It is a common tendency to speak and write about stars and celebrities in a very narrow manner. Some people stress the negative aspects of their lives whether it may be drinking, promiscuity, crime or whatever else. Others focus on the glitz and glamour. In fact, many stars succumb to the hype and gets lost in the sea of glitz and glamour.
Invariably, it cannot always be considered their fault. The life of a celebrity is unquestionably challenging, drastically different from that of ordinary people. Their lives are constantly scrutinized, as they are constantly in the limelight. Furthermore, with the new lifestyle that celebrities lead, one of the common consequences of that is that these stars forget much about who they truly are. In fact, many forget some of the most fundamental aspects of their lives. Many forget their roots.
In some ways, it is unfair to make such a sharp judgement, simply because one does not stress their beginnings does not mean that they forget. Regardless, public sentiment is important and it is formed from perception. If the public perceived that you have forgotten their roots, as far as anyone is concerned, you have.
This has plagued a number of Caribbean-born celebrities. Nicki Minaj is one such. If you are at awe that the superstar is form the Caribbean, then yes, in reiteration, Nicki is indeed from the Caribbean. There are a number of reasons why many people do not know this. Obviously, at present, she is American. Furthermore, biographies, documentaries etc often mislead people to believing that she is originally form America. Moreover, she seldom stresses her Trinidadian, yes Trinidadian roots.
Minaj (birth name Onika Tanya Maraj) was born in Saint James, Trinidad and Tobago in 1984 to parents of Indian and African descent. She lived in Trinidad with her grandmother until age 5 when she moved to Queens, New York when she was five. She grew up in a troubled home, with a father on drugs and a struggling single mother. Despite her hectic environment, Minaj went on to graduate from LaGuardia High School in Manhattan where she studied singing and acting.
She worked as an administrative assistant for a while and dedicated all of her free time to pursuing a potential music career. She started off singing, from background vocals, to hooks for local rappers. According to her, she wanted to “stand out” more form the crowd of average dime-a-dozen young aspiring singers. To this end, she began writing rap and joined a group as the only female.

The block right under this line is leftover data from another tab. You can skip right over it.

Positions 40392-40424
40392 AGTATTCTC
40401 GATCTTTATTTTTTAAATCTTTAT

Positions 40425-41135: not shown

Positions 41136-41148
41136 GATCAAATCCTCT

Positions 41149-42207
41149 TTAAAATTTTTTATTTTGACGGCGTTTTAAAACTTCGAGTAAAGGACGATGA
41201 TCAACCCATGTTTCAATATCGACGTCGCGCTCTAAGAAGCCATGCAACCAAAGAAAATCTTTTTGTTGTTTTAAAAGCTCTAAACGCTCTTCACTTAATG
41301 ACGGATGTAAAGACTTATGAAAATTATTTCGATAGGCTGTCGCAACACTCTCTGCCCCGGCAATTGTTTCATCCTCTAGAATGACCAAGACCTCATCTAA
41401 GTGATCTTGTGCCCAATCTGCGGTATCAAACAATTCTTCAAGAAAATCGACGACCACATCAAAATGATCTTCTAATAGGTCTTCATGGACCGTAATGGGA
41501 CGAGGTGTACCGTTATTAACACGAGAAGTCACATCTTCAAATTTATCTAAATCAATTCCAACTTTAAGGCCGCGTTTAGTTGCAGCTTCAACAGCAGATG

Her talent was first spotted by Young Money CEO Fendi on MySpace and later was recruited and signed for The Carter Edition of Young Money's "The Come Up" DVD series. Having appeared on The Carter Edition of the DVD series, Minaj was noticed by rapper Lil’ Wayne who immediately contacted Fendi to negotiate a deal with Nicki. Lil’ Wayne was convinced by her unusual style of rapping and her ability to full write her own material. He knew she was perfect to be the face of his Young Money label. The two collaborated on mixtape styled remakes of tracks such as “Sunshine”, “Big Spender” and more recently a song entitled “Higher than a Kite” which uses T.I.’s “My Swag” beat. In April of 2007, she released her first mixtape entitled “Playtime is Over” and subsequent titles such as “can’t Stop”. Nearly a year later, Minaj released her second mixed cd titled “Sucka Free”.
Originally using her real last name Maraj, Nicki started calling herself Minaj because she started “eating chicks”, with her vicious rap skills. This represented a great change in her life. Not was now a superstar and her life had changed in drastic ways. In that change it seems, she has failed top sufficiently recognise her Trinidadian roots.
What about putting on local shows? What about collaborating with local artistes? Any of these steps would be a start towards remaining true to her roots. You can only imagine the immense impact that such a superstar can have on youth, especially those who aspire to be musical stars as well. You are not simply from Southside Jamaica, Queens, New York; you are from St. James, Trinidad and Tobago. It does not matter that you migrated early in life, you are still West Indian and you need to embrace that fact. Navito (The Caribbean Current)